The Neurorobotics Platform’s purpose is to offer neuroscientists a tool to perform in-silico cognitive or lower-level neural experiments on virtual Guinea pigs, be them biologically inspired or not. It will on the other side provide roboticists with the possibility to experiment on their robots with brain models instead of classical controllers. The platform will provide them with
- virtual bodies (robots, bio-inspired)
- virtual environments to make them live
- interactive tools to connect these to a brain model
- interactive tools to design and program their experiment
- graphical monitors and loggers
Organization of the manual¶
This manual will help the users to get comfortable with the Experiment Simulation Viewer. It is divided into chapters that cover the main features. The manual does not have to be read linearly.
Software and hardware requirements¶
The software has been tested against OS/browsers that are listed below. Other profiles may function correctly, but they have not been tested. In any case, there is no risk for your computer. Just try and enjoy!
|Supported OS\Browser||Chrome||Firefox||Safari||IE - Edge|
|Linux (Ubuntu 14.04, 16.04)||OK||OK||n.a.||n.a.|
|Mac OS (X)||OK||OK||NO||n.a.|
Hardware requirements are:
- a fairly recent graphics card
- minimum 4Gb of RAM
- a recent browser supporting OpenGL
- check that hardware acceleration is enabled. In Firefox, type about:support in the URL bar, and check under “Graphics”, it should say “GPU Accelerated Linux: 1/1”, else check in the browser documentation for support. In Chrome, the URL is chrome://gpu
Release 1.2 (April 2017)¶
Release 1.2 comes with a more stable platform, new template experiments and a lot of new features
The new features include:
- A new brain visualizer, where you can view the neuron populations in various geometrical setups, as well as the spiking neurons in real time
- A new graphical functions editor, where you can view and manipulate the transfer functions while being able to view all the availabe ROS topics
- Support for bigger brain models
- A new phython API (Virtual Coach) for batch simulations that can be used to launch simulations without a frontend client
- A graphical object scaling capability
- Streaming of robot camera images
- Environment enhancements
- New experiments available
- Husky with neuronal red detection : the color detection is done with a neuronal image recognition.
Release 1.1 (October 2016)¶
Release 1.1 offers better stability, higher performance, a new navigation mode, several new experiments and improved graphics.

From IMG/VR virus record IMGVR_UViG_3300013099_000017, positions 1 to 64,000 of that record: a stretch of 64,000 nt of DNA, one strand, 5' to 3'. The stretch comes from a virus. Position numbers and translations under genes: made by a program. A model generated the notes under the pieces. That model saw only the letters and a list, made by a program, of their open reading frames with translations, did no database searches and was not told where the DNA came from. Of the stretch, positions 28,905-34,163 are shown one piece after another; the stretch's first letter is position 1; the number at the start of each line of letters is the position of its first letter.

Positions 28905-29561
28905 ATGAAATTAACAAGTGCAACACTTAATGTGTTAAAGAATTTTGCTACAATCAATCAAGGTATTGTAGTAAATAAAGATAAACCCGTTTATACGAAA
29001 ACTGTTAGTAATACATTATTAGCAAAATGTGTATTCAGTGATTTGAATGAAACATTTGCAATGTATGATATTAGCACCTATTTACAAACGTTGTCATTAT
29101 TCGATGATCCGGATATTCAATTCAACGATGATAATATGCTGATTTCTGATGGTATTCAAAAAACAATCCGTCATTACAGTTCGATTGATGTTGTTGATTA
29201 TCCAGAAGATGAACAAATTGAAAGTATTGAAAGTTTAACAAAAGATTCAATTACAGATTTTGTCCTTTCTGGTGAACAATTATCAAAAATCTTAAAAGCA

New features include:
- a new log console to help in debugging transfer functions and state machine scripts.
- a new 3D environment panel where you can apply color filtering, skyboxes, ambient occlusion and more.
- support for high quality 3D materials through PBR (Physically Based Rendering).
- more responsive user interface, thanks to the introduction of a proxy server.
- faster loading time due to optimized 3D models.
- avatar navigation.
- new experiments available:
- Force based joint control : a simple example of a force based spiking interface for the Schunk SVH robotic hand
- HoLLiE hand motion with CPG: a basic implementation of CPG driven motion control for the five fingers of a robotic hand
- Mouse Braitenberg experiment in biology lab: an experiment that loads the soft-skin mouse model in a biology lab environment
- Empty template Husky experiment : an empty experiment with no brain that can be used as the basis of an experiment
- Empty template iCub experiment : an empty experiment with no brain that can be used as the basis of an experiment
The First Public Release (version 1.0)¶
The First Public Release builds on top of the “September” Release and offers more user customizable experiments.
This version provides the following features:
- web experiment simulation frontend
- complete integration in the HBP collaboratory portal
- no additional packages to be installed by users
- multi-user capability
- a user can start or join an experiment
- a user can interact with an experiment, pause, and stop it
- a user can edit the transfer functions (behavior of the robot)
- a user can edit the brain code
- a user can edit the state machine script (automatic environment changes)
- a user can change the environment graphically
- the spikes of the neurons can be displayed in the interface
- the dynamic state of the robot (joints) can be displayed
- experiments are customizable from templates
- template experiments available:
- the Braitenberg vehicle with a Husky robot in the virtual room
- the Braitenberg vehicle with a Lauron V robot in the virtual room
- the Braitenberg vehicle with a Husky robot in the Space Bot Cup field
- the Braitenberg vehicle with a Lauron V robot in the Space Bot Cup field
- the eye-tracking experiment with an iCub robot in the virtual room
- the Braitenberg mouse experiment in the virtual Y-maze
- the user can contact the development team
- the user is invited to fill out a survey form
You are very much encouraged to fill out the survey and to send any bug report through the provided forms on the home page.